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Robert Markow
Fanfare, November 2013

Bruckner’s Seventh has seen many fine, even great recordings over the years, but none better than what the elderly Celibidache does with it. This is as compelling and persuasive an interpretation as you will find at any tempo. But even this is not the main feature of the two-disc set. It is the 55-minute documentary of the conductor directed by Wolfgang Becker that simply overwhelms, both in its revelation of a great musician at work and in its archival footage. Becker has captured on film a substantial rehearsal sequence that goes to the very heart of the eternal question, “What does a conductor really do?” We see and hear results forming before our very eyes and ears, and the process is fascinating. © 2013 Fanfare

Robert Markow
Fanfare, January 2013

We see, in exquisite detail, how Celibidache works on the seventh symphony’s opening tremolo until he gets exactly what he wants…we see and hear results forming before our very eyes and ears, and it’s a fascinating process. This is obviously not a conductor content to just run through a score. “Celi” has ideas, and whether you subscribe to them or not, he forces them into your consciousness with the conviction of a religious zealot, in the process making the music come alive in ways it may never have before. I strongly suggest you first watch the documentary and only then the complete, live performance of the symphony.

Black and white footage from the 1940s and ’50s is intermixed with modern color sequences of rehearsal excerpts…Pacing and editing are first-rate. If only all music documentaries could be like this one.

When we turn to the performance itself, we find what may be the most expansive and spacious Bruckner Seventh ever presented…Celibidache never loses the momentum, no matter how slowly the metronome may tick. In short, this is as totally compelling and persuasive an interpretation as you will find at any tempo. Everything positively glows with sincerity and conviction. The sound is always warm, beautiful and without hard edges to the articulation. Phrases grow naturally, inevitably, inexorably to their peaks. The entire orchestra thinks, feels, breathes, and plays as a single living musical organism. The brass, especially in the second movement, are superbly balanced, totally unified in sound. The climactic moment of the third movement brings images of the gates of heaven opening. At the end of the fourth, there are 10 blessed seconds of silence following the last chord. Now that’s something else you don’t hear often. © 2013 Fanfare Read complete review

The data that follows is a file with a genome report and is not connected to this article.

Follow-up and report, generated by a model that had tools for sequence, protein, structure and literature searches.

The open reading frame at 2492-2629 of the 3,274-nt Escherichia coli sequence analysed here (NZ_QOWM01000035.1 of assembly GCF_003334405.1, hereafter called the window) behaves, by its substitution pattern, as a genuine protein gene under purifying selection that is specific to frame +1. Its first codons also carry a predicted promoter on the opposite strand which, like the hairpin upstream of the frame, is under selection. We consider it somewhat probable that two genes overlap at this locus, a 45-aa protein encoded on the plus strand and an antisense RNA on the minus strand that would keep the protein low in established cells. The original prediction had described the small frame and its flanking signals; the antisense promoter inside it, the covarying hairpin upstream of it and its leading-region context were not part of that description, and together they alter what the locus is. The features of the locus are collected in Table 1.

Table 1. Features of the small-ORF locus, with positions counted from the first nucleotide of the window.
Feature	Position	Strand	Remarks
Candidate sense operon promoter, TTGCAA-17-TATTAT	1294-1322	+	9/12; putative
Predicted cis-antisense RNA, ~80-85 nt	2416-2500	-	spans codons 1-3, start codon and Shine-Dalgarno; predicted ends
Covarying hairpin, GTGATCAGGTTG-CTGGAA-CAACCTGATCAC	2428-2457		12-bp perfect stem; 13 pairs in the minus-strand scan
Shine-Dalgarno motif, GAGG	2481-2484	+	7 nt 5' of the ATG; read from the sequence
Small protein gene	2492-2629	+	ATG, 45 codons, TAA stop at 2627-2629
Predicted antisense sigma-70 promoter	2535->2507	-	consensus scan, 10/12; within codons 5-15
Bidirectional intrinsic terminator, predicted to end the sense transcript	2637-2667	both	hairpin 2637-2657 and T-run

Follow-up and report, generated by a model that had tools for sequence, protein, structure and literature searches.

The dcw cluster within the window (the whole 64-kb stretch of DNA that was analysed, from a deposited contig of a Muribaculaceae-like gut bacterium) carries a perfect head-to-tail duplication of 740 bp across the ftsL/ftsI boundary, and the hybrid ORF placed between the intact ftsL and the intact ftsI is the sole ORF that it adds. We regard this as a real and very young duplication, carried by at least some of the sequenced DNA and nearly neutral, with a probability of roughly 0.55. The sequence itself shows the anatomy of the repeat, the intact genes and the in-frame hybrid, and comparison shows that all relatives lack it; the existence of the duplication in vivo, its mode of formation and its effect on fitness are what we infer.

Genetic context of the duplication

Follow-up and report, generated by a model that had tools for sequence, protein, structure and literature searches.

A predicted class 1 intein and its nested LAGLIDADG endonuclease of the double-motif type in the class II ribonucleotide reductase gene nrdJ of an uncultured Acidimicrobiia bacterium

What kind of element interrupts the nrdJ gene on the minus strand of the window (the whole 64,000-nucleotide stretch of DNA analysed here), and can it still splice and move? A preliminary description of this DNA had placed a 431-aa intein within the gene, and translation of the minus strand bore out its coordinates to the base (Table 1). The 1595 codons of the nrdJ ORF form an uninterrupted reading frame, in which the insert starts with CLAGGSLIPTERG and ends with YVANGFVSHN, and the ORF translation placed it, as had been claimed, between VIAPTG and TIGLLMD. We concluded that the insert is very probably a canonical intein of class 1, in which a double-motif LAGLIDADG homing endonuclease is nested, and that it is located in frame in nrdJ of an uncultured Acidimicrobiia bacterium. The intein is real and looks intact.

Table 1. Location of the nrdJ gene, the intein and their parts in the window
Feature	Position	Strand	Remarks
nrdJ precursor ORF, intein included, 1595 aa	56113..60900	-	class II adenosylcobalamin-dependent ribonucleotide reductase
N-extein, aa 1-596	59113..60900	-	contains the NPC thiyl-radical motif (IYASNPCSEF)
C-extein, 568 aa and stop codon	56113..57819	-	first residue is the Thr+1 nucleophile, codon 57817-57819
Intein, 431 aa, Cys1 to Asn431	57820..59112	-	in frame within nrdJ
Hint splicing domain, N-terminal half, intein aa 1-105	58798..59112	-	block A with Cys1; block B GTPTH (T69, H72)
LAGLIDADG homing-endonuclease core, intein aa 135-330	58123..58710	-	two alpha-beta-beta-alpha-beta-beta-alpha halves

John Whitmore
MusicWeb International, October 2012

This is very special. The documentary, The Triumphant Return includes interviews with former BPO players from the Celibidache era. They all talk very touchingly about his genius and the way he inspired the orchestra to produce exceptional results. These interviews clearly demonstrate the magnetic effect Celibidache had on the orchestra…It’s all very touching. This is a fine documentary, beautifully produced.

The concert itself is almost a bonus to a documentary to which I will regularly return. As Bruckner 7s go I actually enjoyed this performance immensely. The orchestra produces a fabulous sound especially in the lower register. The string playing is just exceptional and Celibidache manages to coax some stupendous cantabile phrasing out of them. Everything flows and the balance allows every voice to come through. It’s all there—clarity of articulation, beauty of sound and a real grasp of the architecture. The orchestra is clearly inspired by the conductor’s vision and there is a definite sense of occasion. The audience are blown away by it all and rightly so.

Technically the camera-work doesn’t get in the way. We are allowed to sit back, watch and listen. There are good overall shots of the complete orchestra and regular close-ups of the conductor but not too close. The sound is fine. This is well worth buying.  © 2012 MusicWeb International Read complete review

Robert Benson, June 2012

It is a powerful performance, micromanaged by the conductor as can be seen from the rehearsal. Video is excellent, with rasonably good stereo sound. The 54-minute documentary is fascinating, offering excerpts from meticulous rehearsals along with commentary about the conductor’s career. A fascinating, historic release in every way! © 2012 Read complete review, June 2012

Of all the Celibidache Bruckner recordings…this is the most legendary. First of all the March 31, 1992 event was special in itself in that it marked the conductor’s first performance with the orchestra since soon after WWII. But then the recording itself has its own history. Soon after the performance, Sony released this recording on VHS and Laserdisc…copies of the recording became instant collectors items…Copies have been floating around—either from the LD or from a European TV broadcast, but now it is finally commercially available. © 2012 Read complete review

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